Manchester falling behind other major UK cities in fibre broadband uptake
A study by think tank, Centre for Cities, has found the uptake of superfast broadband in Manchester, despite 96% fibre availability, sits at just 41% and is creating a digital divide.
On average the UK has a 51% gap between availability and uptake of fibre but in Manchester this sits at around 55% and puts Manchester 19th out of 62 UK cities. Aberdeen and Blackpool sit at the foot of the table with 60% of households still to make the move to fibre broadband. Aldershot, Brighton, Crawley and Gloucester sit at the top of the table with 39% of homes not yet connected to superfast.
The report provides some recommendations on how best the UK can take advantage of existing digital connectivity whilst delivering the new national communications infrastructure. Firstly it recommends the UK Government should ‘deliver on its promise to devolve responsibility for the Adult Skills Budget to cities’ to help residents learn the skills they need to adapt to working in a digitally connected economy. Secondly that cities should make better use of existing technology to ‘consider how they can use digital connections to innovate and transform public services'.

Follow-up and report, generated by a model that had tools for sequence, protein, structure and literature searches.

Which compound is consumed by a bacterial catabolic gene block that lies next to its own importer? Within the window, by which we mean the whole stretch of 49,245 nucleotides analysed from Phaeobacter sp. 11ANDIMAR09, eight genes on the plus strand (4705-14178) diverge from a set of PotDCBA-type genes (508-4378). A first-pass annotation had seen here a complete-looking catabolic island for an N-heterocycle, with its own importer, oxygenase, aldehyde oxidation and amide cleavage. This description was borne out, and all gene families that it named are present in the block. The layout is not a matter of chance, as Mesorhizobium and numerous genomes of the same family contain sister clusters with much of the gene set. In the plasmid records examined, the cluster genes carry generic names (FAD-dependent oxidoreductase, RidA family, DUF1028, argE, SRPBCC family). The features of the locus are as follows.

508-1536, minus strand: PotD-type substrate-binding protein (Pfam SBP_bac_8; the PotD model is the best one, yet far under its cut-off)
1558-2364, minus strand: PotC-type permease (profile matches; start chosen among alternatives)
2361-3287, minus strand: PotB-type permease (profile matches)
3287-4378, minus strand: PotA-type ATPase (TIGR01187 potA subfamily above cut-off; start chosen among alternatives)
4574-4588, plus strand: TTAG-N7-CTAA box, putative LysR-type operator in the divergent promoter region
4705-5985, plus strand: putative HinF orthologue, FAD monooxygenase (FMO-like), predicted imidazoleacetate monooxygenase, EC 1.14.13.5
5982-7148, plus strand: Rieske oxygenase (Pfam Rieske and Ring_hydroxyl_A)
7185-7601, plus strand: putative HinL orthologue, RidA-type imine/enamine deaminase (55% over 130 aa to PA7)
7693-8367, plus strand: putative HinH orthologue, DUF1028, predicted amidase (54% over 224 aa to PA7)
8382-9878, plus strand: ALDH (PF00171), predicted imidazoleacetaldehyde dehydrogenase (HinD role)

The report also made recommendations for the rollout of future digital infrastructure in the UK, particularly encouraging the National Planning Policy Framework to ‘require new housing developments to include provision of high quality digital infrastructure’ and this to cover both mobile and fixed line connectivity.
Andrew Carter, the Chief Executive for Centre for Cities, commented:
“The UK has invested significantly in becoming a global leader for digital infrastructure, but action is needed to ensure more people and businesses in cities across the country can benefit from this technology.
“Part of the problem is that cities need more powers and resources to address digital skills gaps in their communities. However, the onus is also on cities to learn from the innovations that some places are already pioneering, in using existing technology to transform public services.
“We also need a concerted effort from national and local leaders to ensure cities can provide the best possible built environment to deliver new digital infrastructure in the coming years, such as the rollout of full fibre and 5G.
“Other cities and countries across the world have ambitious plans to capitalise on digital technology – UK cities must do the same to compete with global counterparts as we leave the EU.”
A copy of the report can be found on the Centre for Cities website HERE
The report comes amid news that the UK has slipped to 35th in a global table of broadband speeds, whilst a National Infrastructure Commission report calls for full-fibre rollout across the UK by 2033 READ STORY.
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